I hope you enjoy, remember to follow me on instagram edenalexandriadaly I post a lot of pictures on their day-to-day!

Looking Back – Being a Teen with Type 1

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Looking Back - Being a Teen with Type 1

I know what it is like to grow up as a kid & teen living with Type 1 diabetes. It’s tough!

I’m going to give you a snapshot of how I lived life with diabetes as a teen….

First, I had a huge, gigantic glucose meter. See the pic! I had the blue one for many years. There was NO way that thing was going with me anywhere. I hated testing! The test strips of this meter took a ton of blood compared to today. The finger pricker had no dial! It had one setting. When it made contact with my finger it felt like it went through it. If anyone has been to diabetes camp & used the single use, disposable prickers, you know what I mean! It took 2 minutes for the test. I had better things to do then stand in front of my meter for 2 minutes to wait for a number…so guess what I didn’t do a lot of? Test!! I mean, I knew how I felt. I could manage my diabetes without having to look at a number! At least that’s what I believed at the time.

Secondly, even though I only had to take needles twice a day, I hated it. They hurt! The needles on the syringes that I used were 13mm long. Now, the word “millimetres” sounds small but if you take out a ruler & measure 13 mm & imagine that going into a lean body with little fat, it goes directly into the muscle. I was small at 115 pounds & 5’1″. I always took my insulin, the only time I didn’t inject was when I truly forgot. Then I would call my Mom & she would bring it to me…usually at school or work. I knew I couldn’t live without my insulin.

Next, I didn’t eat much. I now know that many young girls & even women will decrease their insulin dose and run slightly higher or stop eating as many calories to keep their weight down. It is known, insulin makes one fat. It’s not that this was my intention or that I was aware of that at the time but I figured if I didn’t eat as often, my sugars dipped low so I could eat McDonald’s or candies. “Back then” (boy I sound old!) there was no carb counting to allow for ‘treats’. There was also no ‘correction doses’. If you were high, you dealt with it until it came down on its own with the insulin you had on board.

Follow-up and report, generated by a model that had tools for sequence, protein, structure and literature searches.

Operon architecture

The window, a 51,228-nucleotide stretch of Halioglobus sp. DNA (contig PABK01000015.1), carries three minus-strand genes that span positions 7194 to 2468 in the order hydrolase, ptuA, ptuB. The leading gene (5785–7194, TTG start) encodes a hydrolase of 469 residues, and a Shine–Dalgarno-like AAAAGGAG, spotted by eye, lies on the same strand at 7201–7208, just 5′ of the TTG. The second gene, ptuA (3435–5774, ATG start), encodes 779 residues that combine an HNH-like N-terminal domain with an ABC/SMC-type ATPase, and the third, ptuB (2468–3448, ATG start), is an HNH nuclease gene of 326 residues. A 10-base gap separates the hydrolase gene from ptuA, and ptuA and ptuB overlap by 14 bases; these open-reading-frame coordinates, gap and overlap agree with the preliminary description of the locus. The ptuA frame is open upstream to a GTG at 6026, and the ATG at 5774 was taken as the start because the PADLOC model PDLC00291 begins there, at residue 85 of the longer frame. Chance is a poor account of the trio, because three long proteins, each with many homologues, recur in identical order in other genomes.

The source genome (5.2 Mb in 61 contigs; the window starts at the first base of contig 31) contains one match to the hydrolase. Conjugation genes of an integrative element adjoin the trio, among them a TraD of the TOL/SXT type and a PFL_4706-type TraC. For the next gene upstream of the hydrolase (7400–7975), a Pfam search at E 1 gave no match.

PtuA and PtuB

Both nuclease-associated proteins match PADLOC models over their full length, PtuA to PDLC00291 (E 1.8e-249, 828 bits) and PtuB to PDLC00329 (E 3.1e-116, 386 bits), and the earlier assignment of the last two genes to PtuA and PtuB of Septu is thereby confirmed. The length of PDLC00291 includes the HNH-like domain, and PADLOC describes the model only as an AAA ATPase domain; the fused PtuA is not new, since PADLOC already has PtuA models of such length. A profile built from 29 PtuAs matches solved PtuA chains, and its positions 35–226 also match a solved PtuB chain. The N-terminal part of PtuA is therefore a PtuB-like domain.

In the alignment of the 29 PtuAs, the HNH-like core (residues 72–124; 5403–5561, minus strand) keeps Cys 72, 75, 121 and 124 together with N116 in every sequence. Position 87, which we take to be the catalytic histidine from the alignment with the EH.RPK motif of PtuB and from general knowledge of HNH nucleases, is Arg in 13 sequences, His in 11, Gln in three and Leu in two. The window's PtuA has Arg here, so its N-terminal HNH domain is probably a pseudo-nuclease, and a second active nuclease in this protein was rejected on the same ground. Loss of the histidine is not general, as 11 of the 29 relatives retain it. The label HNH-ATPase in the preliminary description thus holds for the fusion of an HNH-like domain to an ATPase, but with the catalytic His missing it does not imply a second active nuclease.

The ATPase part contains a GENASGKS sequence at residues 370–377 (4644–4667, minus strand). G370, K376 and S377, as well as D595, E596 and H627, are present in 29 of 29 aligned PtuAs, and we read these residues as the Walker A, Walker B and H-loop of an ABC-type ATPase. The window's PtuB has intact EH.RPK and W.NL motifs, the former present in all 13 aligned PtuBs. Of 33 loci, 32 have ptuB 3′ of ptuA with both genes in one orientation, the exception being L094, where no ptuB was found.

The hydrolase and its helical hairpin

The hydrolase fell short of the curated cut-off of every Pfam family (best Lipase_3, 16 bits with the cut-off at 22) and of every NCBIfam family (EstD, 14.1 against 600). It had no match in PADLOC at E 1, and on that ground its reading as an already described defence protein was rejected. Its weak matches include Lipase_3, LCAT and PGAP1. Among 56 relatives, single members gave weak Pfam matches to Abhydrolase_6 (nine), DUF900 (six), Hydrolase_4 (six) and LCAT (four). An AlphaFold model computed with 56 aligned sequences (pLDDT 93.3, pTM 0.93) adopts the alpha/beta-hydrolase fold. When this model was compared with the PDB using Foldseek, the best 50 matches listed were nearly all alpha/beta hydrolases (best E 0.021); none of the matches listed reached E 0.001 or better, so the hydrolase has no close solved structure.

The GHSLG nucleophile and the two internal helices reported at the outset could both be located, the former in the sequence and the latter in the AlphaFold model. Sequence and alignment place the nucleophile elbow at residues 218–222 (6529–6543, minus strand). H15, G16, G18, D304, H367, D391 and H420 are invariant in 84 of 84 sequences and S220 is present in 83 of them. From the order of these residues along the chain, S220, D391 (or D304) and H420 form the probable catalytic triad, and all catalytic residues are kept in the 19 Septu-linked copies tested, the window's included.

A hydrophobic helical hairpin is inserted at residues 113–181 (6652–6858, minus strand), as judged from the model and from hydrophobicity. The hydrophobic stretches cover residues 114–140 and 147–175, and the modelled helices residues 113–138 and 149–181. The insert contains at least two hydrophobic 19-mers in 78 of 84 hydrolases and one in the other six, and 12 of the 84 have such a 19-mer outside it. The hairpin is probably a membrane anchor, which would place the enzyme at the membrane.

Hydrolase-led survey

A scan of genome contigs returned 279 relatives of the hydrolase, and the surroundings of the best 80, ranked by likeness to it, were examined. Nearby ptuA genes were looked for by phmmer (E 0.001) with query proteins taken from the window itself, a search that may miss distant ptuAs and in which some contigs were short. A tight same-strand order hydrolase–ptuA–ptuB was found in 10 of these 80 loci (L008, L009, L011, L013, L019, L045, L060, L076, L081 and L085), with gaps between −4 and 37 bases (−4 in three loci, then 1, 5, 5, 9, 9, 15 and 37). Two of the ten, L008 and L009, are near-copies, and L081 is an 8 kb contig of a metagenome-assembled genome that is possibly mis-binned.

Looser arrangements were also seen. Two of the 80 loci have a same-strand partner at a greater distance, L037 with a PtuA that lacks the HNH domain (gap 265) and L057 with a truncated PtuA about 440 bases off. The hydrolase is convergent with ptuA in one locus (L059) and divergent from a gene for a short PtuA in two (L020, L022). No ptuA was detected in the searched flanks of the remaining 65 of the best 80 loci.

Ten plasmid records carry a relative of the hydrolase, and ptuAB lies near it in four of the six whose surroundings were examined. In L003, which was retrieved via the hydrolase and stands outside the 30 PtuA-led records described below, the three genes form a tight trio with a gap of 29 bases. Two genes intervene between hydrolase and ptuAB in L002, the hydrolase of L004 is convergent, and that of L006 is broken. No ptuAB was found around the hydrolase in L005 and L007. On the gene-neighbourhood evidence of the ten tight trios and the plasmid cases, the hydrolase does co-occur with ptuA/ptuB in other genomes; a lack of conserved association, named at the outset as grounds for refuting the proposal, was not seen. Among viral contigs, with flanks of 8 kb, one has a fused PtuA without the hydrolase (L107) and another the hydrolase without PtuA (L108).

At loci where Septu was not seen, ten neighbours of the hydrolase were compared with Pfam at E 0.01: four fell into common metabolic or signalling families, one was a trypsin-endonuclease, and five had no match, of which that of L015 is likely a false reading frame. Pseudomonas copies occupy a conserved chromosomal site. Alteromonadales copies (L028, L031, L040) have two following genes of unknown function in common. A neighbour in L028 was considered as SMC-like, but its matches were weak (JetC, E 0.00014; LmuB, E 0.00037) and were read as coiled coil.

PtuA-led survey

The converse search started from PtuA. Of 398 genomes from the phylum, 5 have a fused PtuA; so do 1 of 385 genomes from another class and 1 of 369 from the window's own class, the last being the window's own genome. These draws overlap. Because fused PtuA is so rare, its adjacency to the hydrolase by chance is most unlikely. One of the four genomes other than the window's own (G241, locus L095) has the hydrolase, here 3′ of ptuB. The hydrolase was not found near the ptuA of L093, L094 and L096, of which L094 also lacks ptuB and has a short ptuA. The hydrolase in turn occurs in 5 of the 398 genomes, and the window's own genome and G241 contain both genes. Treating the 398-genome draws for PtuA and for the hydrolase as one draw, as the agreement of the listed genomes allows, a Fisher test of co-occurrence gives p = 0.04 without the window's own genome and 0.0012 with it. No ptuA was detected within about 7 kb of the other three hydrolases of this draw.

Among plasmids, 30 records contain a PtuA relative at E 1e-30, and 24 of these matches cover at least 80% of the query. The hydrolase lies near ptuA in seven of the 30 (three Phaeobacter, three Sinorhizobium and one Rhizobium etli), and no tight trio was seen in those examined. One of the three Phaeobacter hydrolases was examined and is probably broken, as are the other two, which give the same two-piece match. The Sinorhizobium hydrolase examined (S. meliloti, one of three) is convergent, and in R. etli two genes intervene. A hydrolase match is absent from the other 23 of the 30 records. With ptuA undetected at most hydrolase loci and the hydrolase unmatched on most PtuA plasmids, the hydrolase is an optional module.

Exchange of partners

I didn’t think about my diabetes much. I remember being terribly embarrassed when I had lows. I hated having attention drawn to me. I remember being tired a lot. I fell asleep in class in high school a lot. I had a hard time focusing.

The one thing I didn’t do when I was a teen was drink alcohol. My Mom scared the life out of me about what it could do to me and my diabetes, that I am thankful for. It was one less variable I had to deal with.

With that being said, at the age of 16, my parents found me in bed one morning, lying in my vomit, barely responsive. That night I had been out with my boyfriend & when I came home I was really, really tired. Instead of testing before bed, I crashed. Little did I realize, because I hadn’t tested, I was very low before I had even climbed into bed.

Laying in a hospital bed with an excruciating headache, the next day was the beginning of realizing my diabetes needed my attention. Pretending it wasn’t there and omitting what needed to be done to manage it was not serving a purpose. I was punishing myself. I was letting my diabetes take control of me.

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Be Ware!!! Nutritional Nightmares

Attached is an article posted in The Toronto Star.  It’s easy to believe that a food item listed as Vegan, Organic, Gluten Free, Lactose Free, Healthy, Low Fat, Fat Free is good for you.  Many products sold with these labels are, but as we read in this article, there are products touted as such but aren’t.  I urge you to read the ingredients listed, the Nutritional Facts on the packaging or go on-line or ask the company about gaining access to this info.